The Model Aero Encyclopaedia, Argus Press Ltd, London EC4, no ISBN, credits Ron Moulton as the "Compiler". This is quite appropriate as it is composed in the most part of material which had previously appeared in Aeromodeller magazine from people like EF Brauner, Pete Buskell, Fred Carter, Fredrick Marshall, EC "Ted" Martin, S/Ldr Sholto-Douglas, Dave Sugden, and Ron Warring. Notice how many of these already are mentioned in these pages. Of the remaining two, while I've no idea about the good Squadron Leader, I've certainly mentioned Brauner over the years in emails relating to pulse jets. Anyway, it's the work of these gentlemen that Ron Moulton "collected" and organized into this book. The organization is not alphabetical, but it still qualifies as an "encyclopaedia" being a reference work dealing with a particular branch of knowledge. The book (let's call it the MAEE for short), is cloth bound, 5-1/2x8-1/2, with 208 pages, profusely illustrated with excellent black and white illustrations and photographs. It is organized into two sections comprising twenty-seven chapters, plus appendices.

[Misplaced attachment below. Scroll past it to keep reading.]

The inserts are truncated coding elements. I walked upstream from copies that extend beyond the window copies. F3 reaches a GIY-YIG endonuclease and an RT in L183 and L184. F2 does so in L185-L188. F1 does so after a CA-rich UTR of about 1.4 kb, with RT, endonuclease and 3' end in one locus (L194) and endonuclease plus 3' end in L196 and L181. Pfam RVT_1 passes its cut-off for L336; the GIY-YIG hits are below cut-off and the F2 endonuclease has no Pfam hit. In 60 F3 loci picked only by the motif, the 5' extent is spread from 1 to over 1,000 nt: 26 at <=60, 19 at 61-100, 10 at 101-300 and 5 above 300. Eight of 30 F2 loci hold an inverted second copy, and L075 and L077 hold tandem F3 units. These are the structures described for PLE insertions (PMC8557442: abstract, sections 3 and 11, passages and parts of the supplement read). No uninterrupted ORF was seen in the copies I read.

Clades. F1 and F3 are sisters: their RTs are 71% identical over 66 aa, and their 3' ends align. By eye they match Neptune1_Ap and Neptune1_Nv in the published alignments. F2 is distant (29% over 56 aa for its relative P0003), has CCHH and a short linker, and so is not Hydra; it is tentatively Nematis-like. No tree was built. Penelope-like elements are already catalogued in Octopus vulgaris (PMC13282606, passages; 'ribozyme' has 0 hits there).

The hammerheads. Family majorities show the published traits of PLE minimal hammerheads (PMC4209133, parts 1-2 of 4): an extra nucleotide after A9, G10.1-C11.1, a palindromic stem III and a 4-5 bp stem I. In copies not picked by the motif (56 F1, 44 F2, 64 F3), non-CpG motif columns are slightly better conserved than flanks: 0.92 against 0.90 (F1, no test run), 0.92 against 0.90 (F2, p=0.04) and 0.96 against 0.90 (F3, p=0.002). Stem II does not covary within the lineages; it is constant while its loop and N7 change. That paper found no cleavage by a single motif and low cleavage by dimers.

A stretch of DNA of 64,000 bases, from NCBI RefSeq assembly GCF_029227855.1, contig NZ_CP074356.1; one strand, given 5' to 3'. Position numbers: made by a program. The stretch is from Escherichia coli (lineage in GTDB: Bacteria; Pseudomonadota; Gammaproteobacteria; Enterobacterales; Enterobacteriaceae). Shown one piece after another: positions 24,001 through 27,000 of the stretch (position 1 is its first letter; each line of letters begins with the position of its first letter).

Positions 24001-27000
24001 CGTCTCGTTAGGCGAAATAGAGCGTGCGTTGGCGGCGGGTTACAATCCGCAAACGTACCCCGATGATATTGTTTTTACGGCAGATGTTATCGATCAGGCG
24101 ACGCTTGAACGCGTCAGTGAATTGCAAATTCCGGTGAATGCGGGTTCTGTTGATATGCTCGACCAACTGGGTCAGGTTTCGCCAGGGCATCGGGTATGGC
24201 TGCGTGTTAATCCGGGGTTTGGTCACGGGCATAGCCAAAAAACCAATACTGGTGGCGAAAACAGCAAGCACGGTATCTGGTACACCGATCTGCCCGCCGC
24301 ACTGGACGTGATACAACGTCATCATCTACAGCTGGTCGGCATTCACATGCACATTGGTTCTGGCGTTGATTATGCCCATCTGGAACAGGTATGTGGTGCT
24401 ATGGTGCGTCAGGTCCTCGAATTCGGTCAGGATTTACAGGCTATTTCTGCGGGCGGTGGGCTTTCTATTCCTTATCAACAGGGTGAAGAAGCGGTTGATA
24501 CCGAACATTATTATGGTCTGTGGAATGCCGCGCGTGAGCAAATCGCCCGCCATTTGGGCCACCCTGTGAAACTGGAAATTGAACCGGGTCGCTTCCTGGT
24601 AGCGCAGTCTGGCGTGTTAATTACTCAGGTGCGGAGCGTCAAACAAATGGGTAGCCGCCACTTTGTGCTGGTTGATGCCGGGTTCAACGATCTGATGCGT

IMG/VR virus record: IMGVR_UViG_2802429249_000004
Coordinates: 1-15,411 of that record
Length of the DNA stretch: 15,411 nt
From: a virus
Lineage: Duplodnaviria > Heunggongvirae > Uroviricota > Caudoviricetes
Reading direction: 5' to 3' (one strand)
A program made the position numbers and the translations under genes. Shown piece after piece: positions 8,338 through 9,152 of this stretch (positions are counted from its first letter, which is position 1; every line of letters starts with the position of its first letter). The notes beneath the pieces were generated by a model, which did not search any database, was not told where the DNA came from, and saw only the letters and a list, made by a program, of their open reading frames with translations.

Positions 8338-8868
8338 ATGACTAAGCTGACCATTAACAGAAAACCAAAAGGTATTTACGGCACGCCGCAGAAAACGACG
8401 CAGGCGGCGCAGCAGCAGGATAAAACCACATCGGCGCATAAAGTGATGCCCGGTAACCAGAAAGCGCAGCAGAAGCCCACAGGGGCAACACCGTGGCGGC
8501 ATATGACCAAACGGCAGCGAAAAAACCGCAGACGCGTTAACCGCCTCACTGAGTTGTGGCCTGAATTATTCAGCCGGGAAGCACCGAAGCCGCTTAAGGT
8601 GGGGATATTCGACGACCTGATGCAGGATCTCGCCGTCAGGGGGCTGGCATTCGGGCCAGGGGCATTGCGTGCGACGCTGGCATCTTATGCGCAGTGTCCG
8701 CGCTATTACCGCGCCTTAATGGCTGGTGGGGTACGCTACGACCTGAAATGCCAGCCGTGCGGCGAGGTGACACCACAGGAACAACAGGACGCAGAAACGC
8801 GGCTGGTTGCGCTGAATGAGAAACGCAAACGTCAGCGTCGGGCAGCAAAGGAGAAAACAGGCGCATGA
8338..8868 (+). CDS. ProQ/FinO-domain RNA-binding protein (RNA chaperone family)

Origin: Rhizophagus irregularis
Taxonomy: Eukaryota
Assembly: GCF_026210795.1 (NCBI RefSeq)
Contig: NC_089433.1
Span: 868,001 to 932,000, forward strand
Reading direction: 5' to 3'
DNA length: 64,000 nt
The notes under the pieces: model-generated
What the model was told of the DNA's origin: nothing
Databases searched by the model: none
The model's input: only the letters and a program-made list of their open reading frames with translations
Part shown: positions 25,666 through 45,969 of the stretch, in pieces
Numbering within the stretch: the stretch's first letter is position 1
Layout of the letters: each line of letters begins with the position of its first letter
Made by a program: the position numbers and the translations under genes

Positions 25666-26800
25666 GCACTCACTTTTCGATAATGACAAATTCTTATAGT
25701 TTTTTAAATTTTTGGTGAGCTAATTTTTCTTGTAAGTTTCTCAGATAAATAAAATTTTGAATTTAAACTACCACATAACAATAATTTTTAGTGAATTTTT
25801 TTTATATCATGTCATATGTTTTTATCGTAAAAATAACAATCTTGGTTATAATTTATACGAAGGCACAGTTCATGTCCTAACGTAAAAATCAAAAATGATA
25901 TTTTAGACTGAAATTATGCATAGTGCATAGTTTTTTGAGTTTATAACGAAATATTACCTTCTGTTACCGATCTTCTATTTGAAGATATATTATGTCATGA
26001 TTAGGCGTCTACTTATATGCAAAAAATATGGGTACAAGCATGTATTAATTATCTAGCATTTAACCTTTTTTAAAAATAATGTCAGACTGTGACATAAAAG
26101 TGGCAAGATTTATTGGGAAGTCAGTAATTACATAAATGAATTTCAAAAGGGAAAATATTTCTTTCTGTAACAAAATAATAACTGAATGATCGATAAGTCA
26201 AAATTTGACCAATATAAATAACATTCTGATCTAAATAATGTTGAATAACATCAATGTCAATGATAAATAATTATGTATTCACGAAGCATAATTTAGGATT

First let me dispel any misconception. While almost everything in the MAEE had appeared in the pages of the Aeromodeller, the book is not a mere reprint collection. As Assistant Editor, then Editor of that revered magazine, RGM had access to all of the original artwork, text, and photos. These he has reordered, edited and renumbered as required into a logical and well thought out structure which covers everything an aeromodeller of the 50's and 60's needed to know about model engines. In fact, modern modellers will find almost all of the material remains relevant. About the only chapter which technology and time have made totally obsolete is Chapter 16 Engine Speed Controls, though it's amusing to see the wondrous devices modellers resorted to before the standard, boring old R/C carby became wide-spread (ok, so the vibrating reed rev-counter may be a bit dated as well ).